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Tackling the Issues with Rainwater Harvesting

  • Context (DTE): Despite mandating rainwater harvesting (RWH) in all three mega-cities (Delhi, Bengaluru, Chennai) implementation struggles persist. This has led these cities towards Day Zero.

Measures taken to Install rainwater harvesting systems in the three mega-cities

  • Bengaluru has mandated rainwater harvesting in residential colonies since 2010.
    • In 2021, the Bangalore Water Supply and Sewerage Board (BWSSB) made it mandatory for buildings on sites measuring 60×40 feet and more.
  • Chennai Metropolitan Development Authority (CMDA) mandated rainwater harvesting system designs in building plans since 2002.
  • Delhi Jal Board (DJB) enforced RWH systems since 2012, with penalties for non-compliance and financial incentives for adhering to regulations.
    • DJB offers financial assistance up to Rs 50,000 and a 10% water bill rebate for residents with adequacy certificates for their rainwater harvesting systems.

Challenges in implementing rainwater harvesting systems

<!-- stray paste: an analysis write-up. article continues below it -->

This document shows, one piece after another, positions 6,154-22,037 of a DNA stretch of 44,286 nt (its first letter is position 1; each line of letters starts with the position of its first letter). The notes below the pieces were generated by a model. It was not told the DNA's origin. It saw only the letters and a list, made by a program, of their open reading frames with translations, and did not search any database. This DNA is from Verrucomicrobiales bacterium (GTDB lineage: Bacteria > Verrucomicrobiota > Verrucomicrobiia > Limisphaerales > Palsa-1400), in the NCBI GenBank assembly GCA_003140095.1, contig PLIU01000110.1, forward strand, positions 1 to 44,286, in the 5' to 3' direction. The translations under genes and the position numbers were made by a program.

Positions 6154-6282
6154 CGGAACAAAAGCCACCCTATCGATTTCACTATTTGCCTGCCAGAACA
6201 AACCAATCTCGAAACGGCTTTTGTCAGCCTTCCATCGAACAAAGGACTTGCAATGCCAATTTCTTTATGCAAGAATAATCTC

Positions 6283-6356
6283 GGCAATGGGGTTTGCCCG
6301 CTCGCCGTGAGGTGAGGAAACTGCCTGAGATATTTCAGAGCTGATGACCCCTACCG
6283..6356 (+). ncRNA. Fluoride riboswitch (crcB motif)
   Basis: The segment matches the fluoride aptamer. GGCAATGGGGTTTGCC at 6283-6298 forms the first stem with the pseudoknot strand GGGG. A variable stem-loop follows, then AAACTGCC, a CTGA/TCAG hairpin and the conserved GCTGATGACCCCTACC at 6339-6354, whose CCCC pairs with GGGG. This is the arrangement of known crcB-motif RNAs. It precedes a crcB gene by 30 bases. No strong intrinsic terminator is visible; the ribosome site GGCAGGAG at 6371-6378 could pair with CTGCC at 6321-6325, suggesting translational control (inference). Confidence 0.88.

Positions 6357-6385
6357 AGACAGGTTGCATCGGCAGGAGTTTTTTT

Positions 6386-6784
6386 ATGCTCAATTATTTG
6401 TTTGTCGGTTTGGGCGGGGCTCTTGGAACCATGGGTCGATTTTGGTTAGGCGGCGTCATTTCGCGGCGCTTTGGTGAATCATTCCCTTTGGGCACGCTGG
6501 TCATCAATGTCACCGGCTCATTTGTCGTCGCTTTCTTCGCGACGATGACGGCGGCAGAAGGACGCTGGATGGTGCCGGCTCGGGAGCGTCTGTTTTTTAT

• Communities are losing interest due to a lack of space and high installation costs.
  • Weak enforcement and insufficient monitoring.
  • Inadequate awareness and support for maintenance.
  • Insufficient measures to prevent sewage contamination.

What needs to be done?

  • Focus on community-level rainwater harvesting due to limited land availability for household RWH.
  • Provide technical assistance and raise awareness about rainwater harvesting.
  • Rejuvenating traditional rain harvesting structures like lakes, ponds, and temple tanks.
  • Stringent guidelines for rainwater harvesting installation and maintenance, including piezometers for groundwater monitoring (National Green Tribunal Committee).
  • City water authorities should conduct regular monitoring of structures and their impact.
  • Implement both incentives and penalties to encourage communities to build effective RWH systems.

Sponge Cities

  • The term “sponge cities” is used to describe urban areas with abundant natural areas, such as trees, lakes, parks, or other good designs intended to absorb rain and prevent flooding.

How can cities become ‘sponge cities’?

  • Using permeable asphalt or concrete for parking lots and vegetated green roofs for rooftops.
  • Streets could be redesigned to direct stormwater to parks and recreational fields.
  • Natural areas could be used for stormwater storage, improving their ecological value.
  • Adding more green spaces.
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